The disaster is now a textbook case of organizational vulnerability: If any one of a myriad of tiny blunders (a stressed crew, foggy weather, a crowded tarmac, botched radio communications and a first officer unwilling to criticize his captain) had been avoided, Tenerife’s 583 victims would still be alive.
Similarly, although the RMS Titanic struck an iceberg — a seeming natural disaster — its maiden voyage was doomed by decades of lax British safety standards. The liner was charging at top speed through a patch of ocean known to be unusually icy, a design flaw rendered its watertight compartments useless if the ship settled too low in the water, and not only was the Titanic famously not carrying nearly enough lifeboats, but the crew lacked any official policy on how to deploy them.
Already, the latticework of errors that caused the Lac-Mégantic disaster have begun to emerge.
For starters, the event that appears to have kicked off the disaster was a locomotive fire that broke out only minutes after engineer Tom Harding had parked the train. And, even if not a single hand brake had been applied, the train should have been held in place by air brakes. Further, the train was parked on a main line instead of a siding equipped with safety features to combat runaway trains. Also, the train was hauling enough crude oil to fill three Olympic swimming pools, yet carried it in a class of railcars highlighted by regulators as being uniquely vulnerable to leaks and explosions.
Most chillingly, this has all seemingly happened before.
In 1996, a string of 20 grain cars rolled free in an Edson, Alta., train yard, accelerating to 50 km/h before smashing head-on into the locomotive of a CN freight train. In the resulting explosion and fire, three crew members were killed.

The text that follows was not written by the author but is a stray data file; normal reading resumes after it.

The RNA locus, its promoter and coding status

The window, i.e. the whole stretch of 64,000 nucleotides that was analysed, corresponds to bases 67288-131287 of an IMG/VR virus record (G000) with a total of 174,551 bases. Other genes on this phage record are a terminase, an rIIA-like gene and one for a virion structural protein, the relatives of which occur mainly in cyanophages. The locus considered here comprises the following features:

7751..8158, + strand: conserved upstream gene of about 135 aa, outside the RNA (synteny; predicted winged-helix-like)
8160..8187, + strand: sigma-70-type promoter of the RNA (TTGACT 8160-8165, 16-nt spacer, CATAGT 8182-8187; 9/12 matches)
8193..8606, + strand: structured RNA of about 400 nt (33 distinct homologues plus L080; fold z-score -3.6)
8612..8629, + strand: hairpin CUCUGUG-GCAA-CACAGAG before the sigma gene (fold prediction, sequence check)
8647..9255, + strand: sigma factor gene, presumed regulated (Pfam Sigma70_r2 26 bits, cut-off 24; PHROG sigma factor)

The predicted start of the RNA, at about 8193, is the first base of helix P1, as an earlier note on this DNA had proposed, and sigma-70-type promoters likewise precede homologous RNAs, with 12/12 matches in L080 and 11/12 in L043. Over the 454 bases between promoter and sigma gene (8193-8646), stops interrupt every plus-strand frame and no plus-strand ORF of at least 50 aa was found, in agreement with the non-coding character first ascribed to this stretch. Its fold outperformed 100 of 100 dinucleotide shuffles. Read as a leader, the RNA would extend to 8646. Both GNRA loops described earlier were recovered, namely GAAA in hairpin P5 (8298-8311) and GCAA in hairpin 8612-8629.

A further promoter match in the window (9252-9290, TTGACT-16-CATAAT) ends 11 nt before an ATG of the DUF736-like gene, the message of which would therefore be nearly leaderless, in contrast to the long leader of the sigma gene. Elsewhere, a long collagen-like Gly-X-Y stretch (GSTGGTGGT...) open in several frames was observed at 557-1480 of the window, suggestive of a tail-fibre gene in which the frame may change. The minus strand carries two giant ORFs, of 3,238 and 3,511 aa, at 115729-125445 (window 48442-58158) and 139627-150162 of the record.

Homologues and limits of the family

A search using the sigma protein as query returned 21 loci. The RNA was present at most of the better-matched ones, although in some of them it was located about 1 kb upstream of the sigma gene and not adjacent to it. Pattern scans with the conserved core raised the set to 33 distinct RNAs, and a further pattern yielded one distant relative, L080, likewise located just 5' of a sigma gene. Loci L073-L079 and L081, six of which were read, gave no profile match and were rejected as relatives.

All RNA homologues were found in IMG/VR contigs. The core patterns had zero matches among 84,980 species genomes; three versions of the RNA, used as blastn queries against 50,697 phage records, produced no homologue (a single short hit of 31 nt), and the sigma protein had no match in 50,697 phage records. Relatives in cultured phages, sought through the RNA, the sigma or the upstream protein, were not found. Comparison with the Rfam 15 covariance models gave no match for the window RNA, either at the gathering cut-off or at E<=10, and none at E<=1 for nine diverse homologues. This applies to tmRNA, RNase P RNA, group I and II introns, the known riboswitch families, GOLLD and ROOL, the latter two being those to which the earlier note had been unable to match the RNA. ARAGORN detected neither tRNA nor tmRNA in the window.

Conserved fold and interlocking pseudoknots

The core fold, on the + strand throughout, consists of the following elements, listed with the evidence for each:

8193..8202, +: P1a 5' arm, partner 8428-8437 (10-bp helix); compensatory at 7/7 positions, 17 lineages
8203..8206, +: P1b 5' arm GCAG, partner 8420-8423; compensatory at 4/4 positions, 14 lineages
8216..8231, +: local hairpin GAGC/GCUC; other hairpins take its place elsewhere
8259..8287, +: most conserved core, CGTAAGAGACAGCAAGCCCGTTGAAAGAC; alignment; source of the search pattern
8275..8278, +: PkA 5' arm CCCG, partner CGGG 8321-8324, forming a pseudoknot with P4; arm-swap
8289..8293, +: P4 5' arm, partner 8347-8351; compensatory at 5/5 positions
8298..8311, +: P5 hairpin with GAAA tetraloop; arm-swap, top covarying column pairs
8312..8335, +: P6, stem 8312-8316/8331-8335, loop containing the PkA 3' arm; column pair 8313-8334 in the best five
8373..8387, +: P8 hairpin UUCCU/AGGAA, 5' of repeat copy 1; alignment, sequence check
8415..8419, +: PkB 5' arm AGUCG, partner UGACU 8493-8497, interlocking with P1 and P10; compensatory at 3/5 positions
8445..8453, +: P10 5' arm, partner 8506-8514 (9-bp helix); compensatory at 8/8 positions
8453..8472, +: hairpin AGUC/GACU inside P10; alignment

As possibly at Lac-Mégantic, the ultimate cause of the crash was the faulty application of hand brakes: Train crews had received “little supervision” in how to properly set the brakes and the brakes they did set were almost useless due to missing parts.
So what's the answer? The answer is that there is no answer, as succinctly put in the aphorism, "To err is human, to really foul things up requires a computer." When informed that the software to run President Reagan's Strategic Defense Initiative ("Star Wars") program ran to over 100 million lines of code, a computer science professor is said to have responded, "I've never seen a computer program of over three lines of code that worked the first time it was run."
On the other hand, planes -- commercial airlines as well as drones -- can fly themselves. There are reasons to have pilots and flight attendants on flights; but it's not because the plane is incapable of getting you there by itself. We already have cars that can drive themselves. Trains have automatic braking systems. Tractors navigating by GPS can more precisely apply fertilizer, and plant seeds in straighter rows, than sharp-eyed farmers. From the standpoint of safety, we might be better off spending more on computer programmers and less on equipment operators.